That’s why it’s recommended that you operate your sled at a steady speed on longer tours, so you can reach the highest mpg available.

On older snowmobiles, it’s tricky as you have to play with the throttle all the time to go at a decent speed. But many new models are equipped with cruise control, which can electronically limit the speed.

These sleds usually offer “Eco,” “Sport,” and “Touring” modes, which you can easily activate by pressing a button on the handlebar.

How Many Gallons of Gas Does a Snowmobile Hold?

The size of the gas tank doesn’t affect the gas consumption, but it does play a role in gas mileage.

How many gallons of gas does a snowmobile hold? The size of the gas tank on a snowmobile is around 0.5-12 gallons depending on the model. The 120cc kid-sized snowmobiles feature a tiny, 0.5-gallon tank while the 200cc youth models have a fuel capacity of 2-3 gallons. Full-sized snowmobiles can hold around 9-12 gallons of gas.

For your convenience, we’ve compiled stats on the fuel capacity of some of the most popular snowmobile models into one chart:

Snowmobile Gas Tank Chart

Model Gas tank size (gal)
Arctic Cat ZR 120 0.5
Polaris Indy 120 0.5
Artic Cat ZR 200 2.2
Yamaha Apex LE 9.2
Ski-Doo Freeride 850 E-TEC 165 9.5
Ski-Doo Renegade BC 850 E-TEC 9.5
Ski-Doo MXZ X 850 E-TEC 9.5
Yamaha Sidewinder L-TX LE 10
Ski-Doo MXZ TNT 900 ACE 10.6
Polaris 144 Indy 11.5
Polaris 600 Indy 11.5
Polaris 800 PRO-RMK 155 11.5
Arctic Cat ZR 8000 ES 137 11.7
Artic Cat BLAST ZR 4000 11.7
Polaris 600 Rush Pro-S 12

Based on these numbers you may be wondering how far a snowmobile can go on one tank of gas.

Let’s move on and see what the average fuel range is of a snowmobile!

How Many MPG do Snowmobiles Get?

How many miles per gallon do snowmobiles get? The average snowmobile gets around 10 to 20 miles per gallon depending on the factors mentioned above. Some fuel-injected 2-stroke and 4-stroke snowmobiles get around 15-20 mpg, or even better under ideal conditions. In contrast, the mileage of the carbureted 2-stroke models is only around 10 mpg.

Speaking of 2-stroke sleds, as a rule of thumb, the newer fuel-injected engines are around twice as fuel-efficient as the vintage carbureted power sources.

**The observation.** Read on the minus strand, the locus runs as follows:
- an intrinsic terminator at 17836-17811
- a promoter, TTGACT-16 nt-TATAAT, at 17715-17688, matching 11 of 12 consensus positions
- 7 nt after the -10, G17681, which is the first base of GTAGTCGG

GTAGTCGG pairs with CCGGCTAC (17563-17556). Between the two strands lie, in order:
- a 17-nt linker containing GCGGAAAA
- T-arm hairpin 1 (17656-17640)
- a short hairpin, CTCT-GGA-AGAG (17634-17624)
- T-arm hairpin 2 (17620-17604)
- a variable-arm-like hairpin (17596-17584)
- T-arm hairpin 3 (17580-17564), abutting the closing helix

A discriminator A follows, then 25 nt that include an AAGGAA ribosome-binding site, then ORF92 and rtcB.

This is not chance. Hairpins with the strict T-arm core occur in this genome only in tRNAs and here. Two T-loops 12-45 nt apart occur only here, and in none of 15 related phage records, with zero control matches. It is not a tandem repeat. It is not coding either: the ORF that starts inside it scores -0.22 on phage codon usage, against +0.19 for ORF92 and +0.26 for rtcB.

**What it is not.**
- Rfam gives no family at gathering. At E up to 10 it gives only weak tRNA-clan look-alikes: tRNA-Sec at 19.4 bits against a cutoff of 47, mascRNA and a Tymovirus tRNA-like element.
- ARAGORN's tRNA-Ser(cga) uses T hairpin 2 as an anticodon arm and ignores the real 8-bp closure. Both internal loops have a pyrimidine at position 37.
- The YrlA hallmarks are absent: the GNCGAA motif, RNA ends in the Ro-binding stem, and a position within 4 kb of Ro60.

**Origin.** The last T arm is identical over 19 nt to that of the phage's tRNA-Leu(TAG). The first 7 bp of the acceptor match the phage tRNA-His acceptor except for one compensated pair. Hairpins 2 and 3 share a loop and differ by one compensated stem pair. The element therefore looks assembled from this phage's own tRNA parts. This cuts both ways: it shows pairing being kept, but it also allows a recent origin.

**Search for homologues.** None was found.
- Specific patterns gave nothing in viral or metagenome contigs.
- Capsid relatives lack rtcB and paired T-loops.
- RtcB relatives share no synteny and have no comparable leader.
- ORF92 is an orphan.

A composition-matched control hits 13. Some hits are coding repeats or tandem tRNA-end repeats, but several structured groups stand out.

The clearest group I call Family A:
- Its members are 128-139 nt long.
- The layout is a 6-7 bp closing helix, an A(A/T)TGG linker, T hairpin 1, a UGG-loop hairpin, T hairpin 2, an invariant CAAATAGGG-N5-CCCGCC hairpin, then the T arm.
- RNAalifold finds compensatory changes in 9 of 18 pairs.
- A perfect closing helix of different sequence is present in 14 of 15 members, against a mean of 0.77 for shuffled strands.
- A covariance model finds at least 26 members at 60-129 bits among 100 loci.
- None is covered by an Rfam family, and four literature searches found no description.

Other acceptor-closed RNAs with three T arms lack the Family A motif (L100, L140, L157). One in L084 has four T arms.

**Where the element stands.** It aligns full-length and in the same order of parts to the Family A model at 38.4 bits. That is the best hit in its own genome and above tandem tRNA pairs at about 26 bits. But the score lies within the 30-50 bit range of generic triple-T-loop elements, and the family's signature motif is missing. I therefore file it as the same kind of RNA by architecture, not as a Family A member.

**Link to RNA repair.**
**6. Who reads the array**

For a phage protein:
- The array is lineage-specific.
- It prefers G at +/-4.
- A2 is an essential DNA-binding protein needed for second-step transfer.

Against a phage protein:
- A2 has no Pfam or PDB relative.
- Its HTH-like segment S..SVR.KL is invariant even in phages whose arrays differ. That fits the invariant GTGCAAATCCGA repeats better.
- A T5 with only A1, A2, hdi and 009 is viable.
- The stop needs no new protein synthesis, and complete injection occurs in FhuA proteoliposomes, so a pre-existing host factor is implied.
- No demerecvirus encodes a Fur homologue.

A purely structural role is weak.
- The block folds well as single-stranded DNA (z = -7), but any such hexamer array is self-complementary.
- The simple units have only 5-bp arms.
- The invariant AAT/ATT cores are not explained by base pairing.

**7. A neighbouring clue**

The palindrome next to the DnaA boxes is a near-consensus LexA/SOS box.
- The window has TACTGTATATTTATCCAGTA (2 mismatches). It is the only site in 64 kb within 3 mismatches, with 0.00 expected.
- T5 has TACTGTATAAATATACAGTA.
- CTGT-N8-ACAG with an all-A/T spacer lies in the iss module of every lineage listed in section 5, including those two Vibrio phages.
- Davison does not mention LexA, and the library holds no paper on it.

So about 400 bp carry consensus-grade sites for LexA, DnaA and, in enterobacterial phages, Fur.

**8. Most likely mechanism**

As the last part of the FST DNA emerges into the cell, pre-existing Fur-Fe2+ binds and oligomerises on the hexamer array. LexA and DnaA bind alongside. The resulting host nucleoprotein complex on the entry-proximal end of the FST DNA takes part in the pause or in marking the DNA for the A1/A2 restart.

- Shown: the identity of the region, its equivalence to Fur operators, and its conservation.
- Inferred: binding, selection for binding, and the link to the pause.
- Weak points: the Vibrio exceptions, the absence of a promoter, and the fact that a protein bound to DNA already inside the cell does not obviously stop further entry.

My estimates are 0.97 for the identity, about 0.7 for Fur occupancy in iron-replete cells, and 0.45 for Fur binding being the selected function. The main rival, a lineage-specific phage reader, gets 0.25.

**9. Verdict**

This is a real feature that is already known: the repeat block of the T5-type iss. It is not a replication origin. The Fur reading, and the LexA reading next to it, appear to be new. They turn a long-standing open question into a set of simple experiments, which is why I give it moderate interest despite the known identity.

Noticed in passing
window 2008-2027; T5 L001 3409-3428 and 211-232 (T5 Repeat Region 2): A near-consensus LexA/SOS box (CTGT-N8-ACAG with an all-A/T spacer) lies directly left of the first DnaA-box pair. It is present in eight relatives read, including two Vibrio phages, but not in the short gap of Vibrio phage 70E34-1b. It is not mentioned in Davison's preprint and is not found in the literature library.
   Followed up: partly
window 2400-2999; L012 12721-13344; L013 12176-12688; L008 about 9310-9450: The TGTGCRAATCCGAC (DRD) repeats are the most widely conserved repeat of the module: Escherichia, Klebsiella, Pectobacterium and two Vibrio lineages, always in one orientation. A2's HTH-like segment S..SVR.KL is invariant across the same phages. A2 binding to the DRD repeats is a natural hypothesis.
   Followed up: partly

According to this test by SnowGoer on demo sleds, the average mileage fell between 10 and 17 mpg.

We’ve also compiled the typical engine types into this snowmobile MPG chart:

Snowmobile MPG Chart

Engine MPG
2-stroke carburated 8-12
2-stroke fuel injected 13-20
4-stroke 12-25

Please consider these numbers for informational purposes only. As we’ve mentioned, the fuel range depends on many factors that may be different each time you ride.

But maybe this can give you some idea of how much fuel an average sled uses!

Which Snowmobile Gets the Best Gas Mileage?

The 4-stroke, lower-performance, non-turbocharged snowmobiles get the best gas mileage. These are considered the most fuel-efficient sleds on the market. On these models, you can even reach 20-25 mpg with “average” riding. Although 2-stroke fuel-injected snowmobiles get much better gas mileage compared to the carbureted models, they also burn oil as well. Thus, they are less cost-efficient in the long run.

If you are looking for the most fuel-efficient snowmobiles on the market, best practice is to choose a 4-stroke sled with a naturally aspirated (non-turbocharged), 50-65 HP engine.

Although these models offer moderate performance, they have arguably the best gas mileage and lower running costs. If you are a beginner, these would be a good choice for you.

What is the Range of a Snowmobile?

What is the range of a snowmobile? The average snowmobile features a 9-12-gallon fuel tank and gets around 8-25 mpg. If we do the math, the range of a snowmobile will fall between 70-220 miles. On a 2-stroke sled with a 9-gallon fuel tank, it can be as low as 70-80 miles. On the other end of the spectrum, a 50 HP, 4-stroke sled can surprise you with a 300-mile range if it features a 12-gallon tank!